Date Published: April 28, 2020
Source: The New York Times
While nearly every country in the world has enforced some sort of temporary lockdown measures, Sweden has been an anomaly, simply trusting its citizens to practice social distancing, without orders. This trust-based system appears to have been just as effective in controlling COVID-19 spread as most nations with strict lockdown protocols, with Sweden’s death rate being 22 per 100,000 people, the same as that of Ireland and far better than Britain or France. The absence of mandatory lockdown means that restaurants, bars, and parks remain open. The article highlights 82-year-old Ms. Birgit Lilja in a bustling neighbourhood in Stockholm, out of her home enjoying one of the first, sunny spring days, observing younger Swedes out and about. Sweden has managed to keep its borders open, leave preschools and grade schools in session, and keep non-essential services such as restaurants, bars, hair salons, and gyms open. The only regulations in place are on gatherings of more than 50 people, closures of museums, cancellations of sporting events, and recent bans on visits to nursing homes. Even these restrictions are fairly loose, with almost no fines and the police simply requesting citizens to comply. Intensive care units in Sweden are filled below capacity. However, seniors have been hit just as hard as those of other countries, with the virus spreading through 75% of its 101 senior care homes in Stockholm.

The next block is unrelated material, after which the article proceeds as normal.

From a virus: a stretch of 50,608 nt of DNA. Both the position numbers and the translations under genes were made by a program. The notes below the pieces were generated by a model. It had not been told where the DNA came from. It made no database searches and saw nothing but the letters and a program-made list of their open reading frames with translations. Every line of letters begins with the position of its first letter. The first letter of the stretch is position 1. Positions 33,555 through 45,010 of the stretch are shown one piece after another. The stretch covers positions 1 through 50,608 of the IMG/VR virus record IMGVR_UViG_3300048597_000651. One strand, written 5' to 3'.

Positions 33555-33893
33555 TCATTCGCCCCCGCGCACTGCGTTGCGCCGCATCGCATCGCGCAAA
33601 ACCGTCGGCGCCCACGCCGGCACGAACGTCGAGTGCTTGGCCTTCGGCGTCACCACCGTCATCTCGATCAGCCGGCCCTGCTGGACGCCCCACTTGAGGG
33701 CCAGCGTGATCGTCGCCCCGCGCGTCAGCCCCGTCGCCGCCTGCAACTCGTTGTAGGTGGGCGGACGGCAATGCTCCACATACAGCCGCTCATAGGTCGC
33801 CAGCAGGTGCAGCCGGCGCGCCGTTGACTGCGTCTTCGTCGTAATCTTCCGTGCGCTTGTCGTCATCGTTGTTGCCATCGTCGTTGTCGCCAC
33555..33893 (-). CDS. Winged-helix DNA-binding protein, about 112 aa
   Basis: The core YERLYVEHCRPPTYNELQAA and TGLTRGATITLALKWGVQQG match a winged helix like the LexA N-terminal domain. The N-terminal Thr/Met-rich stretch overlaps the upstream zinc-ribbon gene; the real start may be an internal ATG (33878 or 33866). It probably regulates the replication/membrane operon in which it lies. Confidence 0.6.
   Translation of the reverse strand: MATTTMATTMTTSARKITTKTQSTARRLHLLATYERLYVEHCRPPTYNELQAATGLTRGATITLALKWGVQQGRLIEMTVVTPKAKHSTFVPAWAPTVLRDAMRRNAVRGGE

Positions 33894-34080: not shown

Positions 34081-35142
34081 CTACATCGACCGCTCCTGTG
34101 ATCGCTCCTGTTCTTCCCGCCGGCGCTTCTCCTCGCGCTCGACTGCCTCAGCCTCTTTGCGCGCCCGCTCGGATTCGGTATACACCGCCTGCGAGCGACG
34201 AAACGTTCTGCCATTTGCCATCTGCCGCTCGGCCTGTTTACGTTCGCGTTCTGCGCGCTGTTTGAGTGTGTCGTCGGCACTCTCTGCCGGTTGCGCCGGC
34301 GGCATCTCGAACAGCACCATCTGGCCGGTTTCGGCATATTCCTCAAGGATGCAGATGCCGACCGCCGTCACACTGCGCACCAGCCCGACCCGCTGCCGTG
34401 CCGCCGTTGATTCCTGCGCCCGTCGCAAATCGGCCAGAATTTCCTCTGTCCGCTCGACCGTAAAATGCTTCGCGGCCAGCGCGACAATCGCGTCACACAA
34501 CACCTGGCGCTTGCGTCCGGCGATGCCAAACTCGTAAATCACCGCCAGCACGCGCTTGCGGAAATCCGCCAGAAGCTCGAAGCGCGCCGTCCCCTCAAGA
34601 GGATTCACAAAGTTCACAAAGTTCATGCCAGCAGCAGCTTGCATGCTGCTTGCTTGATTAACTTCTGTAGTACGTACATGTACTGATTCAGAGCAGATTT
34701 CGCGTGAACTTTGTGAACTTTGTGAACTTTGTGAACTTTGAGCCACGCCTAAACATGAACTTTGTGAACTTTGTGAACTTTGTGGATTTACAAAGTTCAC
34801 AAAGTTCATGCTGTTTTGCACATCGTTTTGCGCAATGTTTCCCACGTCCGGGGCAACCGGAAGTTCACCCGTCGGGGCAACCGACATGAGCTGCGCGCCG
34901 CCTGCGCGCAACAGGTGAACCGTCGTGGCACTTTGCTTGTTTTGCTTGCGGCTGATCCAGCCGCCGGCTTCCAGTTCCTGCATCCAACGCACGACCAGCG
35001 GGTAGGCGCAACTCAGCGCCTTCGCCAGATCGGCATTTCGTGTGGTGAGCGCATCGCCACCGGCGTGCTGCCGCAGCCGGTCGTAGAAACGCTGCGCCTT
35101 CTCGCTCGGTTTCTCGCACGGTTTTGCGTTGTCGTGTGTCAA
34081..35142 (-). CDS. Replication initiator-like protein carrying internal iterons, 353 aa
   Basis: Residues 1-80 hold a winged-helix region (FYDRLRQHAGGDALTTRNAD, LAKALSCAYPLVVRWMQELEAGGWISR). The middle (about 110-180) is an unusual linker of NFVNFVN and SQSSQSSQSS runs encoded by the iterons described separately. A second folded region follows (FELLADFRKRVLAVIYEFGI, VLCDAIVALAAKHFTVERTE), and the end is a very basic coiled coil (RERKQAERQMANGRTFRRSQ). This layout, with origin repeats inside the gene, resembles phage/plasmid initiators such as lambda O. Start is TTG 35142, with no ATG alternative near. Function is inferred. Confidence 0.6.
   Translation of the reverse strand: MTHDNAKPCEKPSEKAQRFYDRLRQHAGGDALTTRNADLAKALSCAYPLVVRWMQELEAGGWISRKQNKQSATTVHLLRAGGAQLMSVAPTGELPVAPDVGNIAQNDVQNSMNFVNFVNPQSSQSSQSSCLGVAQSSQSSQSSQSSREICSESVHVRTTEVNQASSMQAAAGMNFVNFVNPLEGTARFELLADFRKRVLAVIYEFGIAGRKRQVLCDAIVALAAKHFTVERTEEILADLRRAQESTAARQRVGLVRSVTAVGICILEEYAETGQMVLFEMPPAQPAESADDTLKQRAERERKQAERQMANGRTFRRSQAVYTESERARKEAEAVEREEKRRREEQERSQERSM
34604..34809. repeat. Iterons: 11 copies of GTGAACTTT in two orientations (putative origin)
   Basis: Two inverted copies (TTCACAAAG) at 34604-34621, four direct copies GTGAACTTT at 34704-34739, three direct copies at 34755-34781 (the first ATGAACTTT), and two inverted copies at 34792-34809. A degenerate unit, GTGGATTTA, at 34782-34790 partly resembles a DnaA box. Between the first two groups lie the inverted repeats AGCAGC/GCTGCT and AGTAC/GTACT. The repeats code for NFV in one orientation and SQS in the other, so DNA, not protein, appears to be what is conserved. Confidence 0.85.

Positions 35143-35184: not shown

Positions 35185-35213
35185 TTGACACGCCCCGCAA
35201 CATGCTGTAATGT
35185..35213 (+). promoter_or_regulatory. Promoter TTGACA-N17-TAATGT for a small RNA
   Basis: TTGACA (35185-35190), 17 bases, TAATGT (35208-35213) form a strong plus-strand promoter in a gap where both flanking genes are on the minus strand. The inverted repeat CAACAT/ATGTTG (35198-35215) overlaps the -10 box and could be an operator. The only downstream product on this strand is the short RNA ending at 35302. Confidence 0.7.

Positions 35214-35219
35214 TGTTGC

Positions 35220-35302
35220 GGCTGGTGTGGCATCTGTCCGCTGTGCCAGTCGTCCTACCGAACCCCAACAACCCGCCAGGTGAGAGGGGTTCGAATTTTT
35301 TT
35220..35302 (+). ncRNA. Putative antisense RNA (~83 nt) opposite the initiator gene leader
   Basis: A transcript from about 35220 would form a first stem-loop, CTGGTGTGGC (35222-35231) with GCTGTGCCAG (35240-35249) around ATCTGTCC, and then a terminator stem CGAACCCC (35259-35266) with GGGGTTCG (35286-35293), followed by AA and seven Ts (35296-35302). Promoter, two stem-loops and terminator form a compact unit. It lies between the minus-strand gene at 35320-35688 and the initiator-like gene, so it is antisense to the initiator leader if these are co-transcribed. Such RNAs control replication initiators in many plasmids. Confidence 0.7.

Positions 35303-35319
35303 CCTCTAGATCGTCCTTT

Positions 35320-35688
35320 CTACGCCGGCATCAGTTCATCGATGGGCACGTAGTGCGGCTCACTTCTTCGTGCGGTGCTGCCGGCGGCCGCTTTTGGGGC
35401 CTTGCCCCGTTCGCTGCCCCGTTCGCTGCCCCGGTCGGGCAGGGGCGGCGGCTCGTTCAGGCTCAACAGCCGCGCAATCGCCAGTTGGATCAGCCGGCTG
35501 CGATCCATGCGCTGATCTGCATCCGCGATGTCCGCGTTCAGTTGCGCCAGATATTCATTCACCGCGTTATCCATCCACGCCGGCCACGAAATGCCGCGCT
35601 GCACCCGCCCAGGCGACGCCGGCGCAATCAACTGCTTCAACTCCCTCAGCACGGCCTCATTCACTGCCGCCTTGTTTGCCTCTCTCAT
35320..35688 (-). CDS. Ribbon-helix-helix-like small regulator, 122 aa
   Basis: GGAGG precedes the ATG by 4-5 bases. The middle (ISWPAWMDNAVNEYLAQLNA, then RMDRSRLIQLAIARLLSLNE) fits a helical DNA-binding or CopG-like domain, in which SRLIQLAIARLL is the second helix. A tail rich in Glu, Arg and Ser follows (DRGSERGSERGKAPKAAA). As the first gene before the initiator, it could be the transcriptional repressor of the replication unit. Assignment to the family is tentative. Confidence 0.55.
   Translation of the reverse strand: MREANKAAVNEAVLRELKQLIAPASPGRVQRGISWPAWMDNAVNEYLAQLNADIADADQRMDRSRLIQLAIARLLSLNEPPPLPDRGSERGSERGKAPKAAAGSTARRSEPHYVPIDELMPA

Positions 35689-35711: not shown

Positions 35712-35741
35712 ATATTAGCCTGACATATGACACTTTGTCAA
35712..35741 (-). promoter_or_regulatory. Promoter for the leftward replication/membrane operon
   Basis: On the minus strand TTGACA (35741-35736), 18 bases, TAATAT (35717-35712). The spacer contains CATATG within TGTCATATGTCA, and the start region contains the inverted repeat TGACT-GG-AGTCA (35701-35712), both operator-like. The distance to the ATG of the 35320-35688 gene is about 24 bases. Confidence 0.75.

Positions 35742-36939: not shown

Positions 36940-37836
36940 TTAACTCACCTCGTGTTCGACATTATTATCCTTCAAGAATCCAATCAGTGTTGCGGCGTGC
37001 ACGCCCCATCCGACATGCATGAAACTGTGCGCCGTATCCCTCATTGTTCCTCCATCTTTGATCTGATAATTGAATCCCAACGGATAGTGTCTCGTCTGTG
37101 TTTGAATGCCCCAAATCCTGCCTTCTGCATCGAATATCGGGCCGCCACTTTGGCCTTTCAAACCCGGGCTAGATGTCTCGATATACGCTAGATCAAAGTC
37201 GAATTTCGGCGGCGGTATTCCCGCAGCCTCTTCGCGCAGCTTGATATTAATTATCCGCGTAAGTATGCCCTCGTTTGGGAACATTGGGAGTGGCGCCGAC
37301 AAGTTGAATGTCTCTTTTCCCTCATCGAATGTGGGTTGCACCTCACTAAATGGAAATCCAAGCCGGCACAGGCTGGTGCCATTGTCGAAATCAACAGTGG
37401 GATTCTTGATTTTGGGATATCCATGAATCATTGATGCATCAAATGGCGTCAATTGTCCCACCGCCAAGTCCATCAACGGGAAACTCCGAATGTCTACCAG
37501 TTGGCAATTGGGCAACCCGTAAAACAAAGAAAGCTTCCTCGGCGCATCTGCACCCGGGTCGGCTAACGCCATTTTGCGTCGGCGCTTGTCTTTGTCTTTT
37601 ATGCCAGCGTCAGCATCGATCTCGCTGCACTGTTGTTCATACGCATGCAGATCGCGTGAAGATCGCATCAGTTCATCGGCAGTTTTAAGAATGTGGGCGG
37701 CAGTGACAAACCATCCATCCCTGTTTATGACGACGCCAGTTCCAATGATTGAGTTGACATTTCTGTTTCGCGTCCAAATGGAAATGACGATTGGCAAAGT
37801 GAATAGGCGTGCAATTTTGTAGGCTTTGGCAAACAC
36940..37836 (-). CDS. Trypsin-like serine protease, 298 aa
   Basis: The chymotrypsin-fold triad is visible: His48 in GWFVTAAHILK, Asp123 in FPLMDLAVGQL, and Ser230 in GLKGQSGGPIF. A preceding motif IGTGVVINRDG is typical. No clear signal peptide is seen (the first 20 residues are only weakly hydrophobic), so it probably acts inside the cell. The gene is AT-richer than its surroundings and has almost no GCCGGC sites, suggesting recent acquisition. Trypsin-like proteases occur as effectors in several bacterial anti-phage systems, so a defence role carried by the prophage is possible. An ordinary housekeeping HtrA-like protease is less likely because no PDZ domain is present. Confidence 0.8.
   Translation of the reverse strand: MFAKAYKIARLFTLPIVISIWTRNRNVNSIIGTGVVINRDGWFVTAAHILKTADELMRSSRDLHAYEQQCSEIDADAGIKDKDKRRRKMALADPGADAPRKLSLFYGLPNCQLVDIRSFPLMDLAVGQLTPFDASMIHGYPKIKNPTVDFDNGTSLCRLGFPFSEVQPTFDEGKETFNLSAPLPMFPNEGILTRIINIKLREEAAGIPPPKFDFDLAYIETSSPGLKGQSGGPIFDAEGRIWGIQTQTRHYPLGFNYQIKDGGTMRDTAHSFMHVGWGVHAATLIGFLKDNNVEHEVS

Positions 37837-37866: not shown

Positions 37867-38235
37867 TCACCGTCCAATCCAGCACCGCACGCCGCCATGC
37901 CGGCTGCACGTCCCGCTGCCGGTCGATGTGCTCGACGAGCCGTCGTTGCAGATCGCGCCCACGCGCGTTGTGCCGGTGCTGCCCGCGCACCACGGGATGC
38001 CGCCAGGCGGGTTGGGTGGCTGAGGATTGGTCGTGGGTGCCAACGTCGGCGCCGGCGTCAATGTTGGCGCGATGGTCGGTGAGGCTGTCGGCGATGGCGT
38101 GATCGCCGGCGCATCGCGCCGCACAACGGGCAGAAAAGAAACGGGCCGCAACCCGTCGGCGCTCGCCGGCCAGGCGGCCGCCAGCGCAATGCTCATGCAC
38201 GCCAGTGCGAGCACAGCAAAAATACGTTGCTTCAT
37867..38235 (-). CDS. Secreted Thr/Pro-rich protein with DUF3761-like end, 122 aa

Read the full article here: https://www.nytimes.com/2020/04/28/world/europe/sweden-coronavirus-herd-immunity.html
Summary by: Hira Raheel